Flash Floods Kill at Least 45 in Kenya

Flash floods and a landslide sent a deluge of muddy water over a Kenyan village early Monday, killing at least 45 people, as torrential rains continued to pound East Africa.

The disaster in Kenya was the deadliest in the country in the two weeks since the devastating inundations began, said Emmanuel Talam, a press secretary in President William Ruto’s office.

The cause of the landslide was not immediately clear. Earlier information from a government official had cited a collapsed dam, though later reports from aid workers and local news media suggested that an obstructed tunnel had given way, allowing a torrent of muddy water to careen over the village around 3 a.m. local time.

The floods swept off people, houses and cars in the Kamuchiri area of the Rift Valley region in southern Kenya, Kithure Kindiki, cabinet secretary of the Kenyan Interior Ministry, said in a statement.

Mr. Kindiki added that bodies had been found along the path of the flash floods and the landslide, and that search and rescue operations were continuing on Monday.

The Interior Ministry has also ordered an inspection of all public and private water reservoirs within 24 hours.

Heavy rains have been pounding parts of East Africa for weeks, and the resultant flooding has killed hundreds of people in several nations in recent days and displaced tens of thousands more.

In Tanzania, at least 155 people have been killed and 236 others injured, Prime Minister Kassim Majaliwa said last week. In Kenya, more than 100 people have died because of the floods, the government said on Monday, and over 28,000 have been displaced.

The inundations have also caused the deaths of hundreds of farm animals, and have damaged or destroyed thousands of acres of farmland in a region already dealing with the severe effects of climate change and some poor infrastructure.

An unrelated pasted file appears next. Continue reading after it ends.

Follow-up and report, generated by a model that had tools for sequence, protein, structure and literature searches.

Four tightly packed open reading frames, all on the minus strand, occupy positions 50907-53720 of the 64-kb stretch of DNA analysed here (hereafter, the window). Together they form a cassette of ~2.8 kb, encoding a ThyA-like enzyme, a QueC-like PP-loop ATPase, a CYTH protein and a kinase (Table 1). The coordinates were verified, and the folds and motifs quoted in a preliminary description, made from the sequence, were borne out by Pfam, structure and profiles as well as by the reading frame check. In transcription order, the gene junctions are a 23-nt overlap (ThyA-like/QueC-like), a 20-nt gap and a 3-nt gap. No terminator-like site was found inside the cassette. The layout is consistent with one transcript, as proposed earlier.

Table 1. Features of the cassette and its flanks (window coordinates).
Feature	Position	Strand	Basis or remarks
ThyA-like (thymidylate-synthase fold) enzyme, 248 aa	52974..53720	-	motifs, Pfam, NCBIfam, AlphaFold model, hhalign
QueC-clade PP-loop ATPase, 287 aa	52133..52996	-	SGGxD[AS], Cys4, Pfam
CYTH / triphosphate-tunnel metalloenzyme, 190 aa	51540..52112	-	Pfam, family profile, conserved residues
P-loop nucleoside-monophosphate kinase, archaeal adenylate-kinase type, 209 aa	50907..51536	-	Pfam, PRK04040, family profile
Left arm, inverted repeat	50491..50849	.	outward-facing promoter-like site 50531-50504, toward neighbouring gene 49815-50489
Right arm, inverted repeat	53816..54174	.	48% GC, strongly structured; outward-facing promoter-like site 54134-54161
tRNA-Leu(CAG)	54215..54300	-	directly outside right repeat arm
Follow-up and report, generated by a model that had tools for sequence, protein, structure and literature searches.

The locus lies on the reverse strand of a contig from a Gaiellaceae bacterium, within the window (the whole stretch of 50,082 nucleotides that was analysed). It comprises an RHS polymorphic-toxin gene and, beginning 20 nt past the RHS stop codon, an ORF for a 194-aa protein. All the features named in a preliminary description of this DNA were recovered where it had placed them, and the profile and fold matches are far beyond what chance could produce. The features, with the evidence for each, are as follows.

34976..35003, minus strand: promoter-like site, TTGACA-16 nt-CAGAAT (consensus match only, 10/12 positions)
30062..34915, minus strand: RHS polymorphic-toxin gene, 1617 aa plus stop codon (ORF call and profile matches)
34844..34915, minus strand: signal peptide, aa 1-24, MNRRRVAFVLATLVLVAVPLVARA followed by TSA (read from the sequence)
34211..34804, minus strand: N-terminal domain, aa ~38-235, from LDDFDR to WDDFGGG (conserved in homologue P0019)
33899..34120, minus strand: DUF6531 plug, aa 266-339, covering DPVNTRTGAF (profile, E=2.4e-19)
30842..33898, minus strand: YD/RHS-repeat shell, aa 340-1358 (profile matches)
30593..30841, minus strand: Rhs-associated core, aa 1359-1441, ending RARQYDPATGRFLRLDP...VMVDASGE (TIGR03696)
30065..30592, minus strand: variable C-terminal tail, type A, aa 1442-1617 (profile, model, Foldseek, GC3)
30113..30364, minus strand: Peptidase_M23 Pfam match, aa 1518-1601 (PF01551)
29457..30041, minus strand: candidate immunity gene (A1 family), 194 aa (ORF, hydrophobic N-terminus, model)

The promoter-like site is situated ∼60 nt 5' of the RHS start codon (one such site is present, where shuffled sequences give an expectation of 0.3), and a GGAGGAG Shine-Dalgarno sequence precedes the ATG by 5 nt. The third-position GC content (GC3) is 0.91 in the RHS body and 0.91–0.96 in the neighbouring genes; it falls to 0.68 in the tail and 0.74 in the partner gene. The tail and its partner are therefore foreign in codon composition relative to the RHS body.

United Nations experts have attributed the heavier-than-usual rains to a combination of two natural climate cycles: El Niño, which increases the likelihood of wet conditions in certain parts of the world, and a similar pattern called the Indian Ocean Dipole.

Stronger rainstorms are a consequence of human-caused global warming; as the atmosphere warms, it can hold more moisture, which can fall as rain under the right conditions.

Estimating how much any particular storm might have been intensified by climate change requires detailed scientific analysis. Researchers have found that the amount of rain that fell during severe storms and floods in East Africa last fall was about double what it would have been in a world without human-induced warming.

Munir Ahmed, a spokesman for the Kenyan Red Cross, said that the current deluge came as people were still trying to recover from last year’s flooding.

“Families are not able to cope,” he said, describing the situation as “persistent devastation.”

Pictures of the flooding this month have shown thick rivers of brown-orange mud streaming across cities, submerging whole streets.

The Kenyan Interior Ministry said in a statement that it was “deeply concerned by the loss of life and destruction” caused by the flooding.

On Monday, the Education Ministry postponed the reopening of the country’s schools, pushing back the opening of the next term to May 6. In a statement, the ministry said that the “devastating effects of the rains were so severe that it will be imprudent to risk the lives of learners and staff.”

Heavy rain continues to pummel Kenya and the surrounding region.

On Sunday, a boat carrying about 43 people capsized in Tana River County, in southeastern Kenya. A total of 23 people were rescued while two bodies have already been retrieved, the Interior Ministry said Monday.

Raymond Zhong contributed reporting from London.

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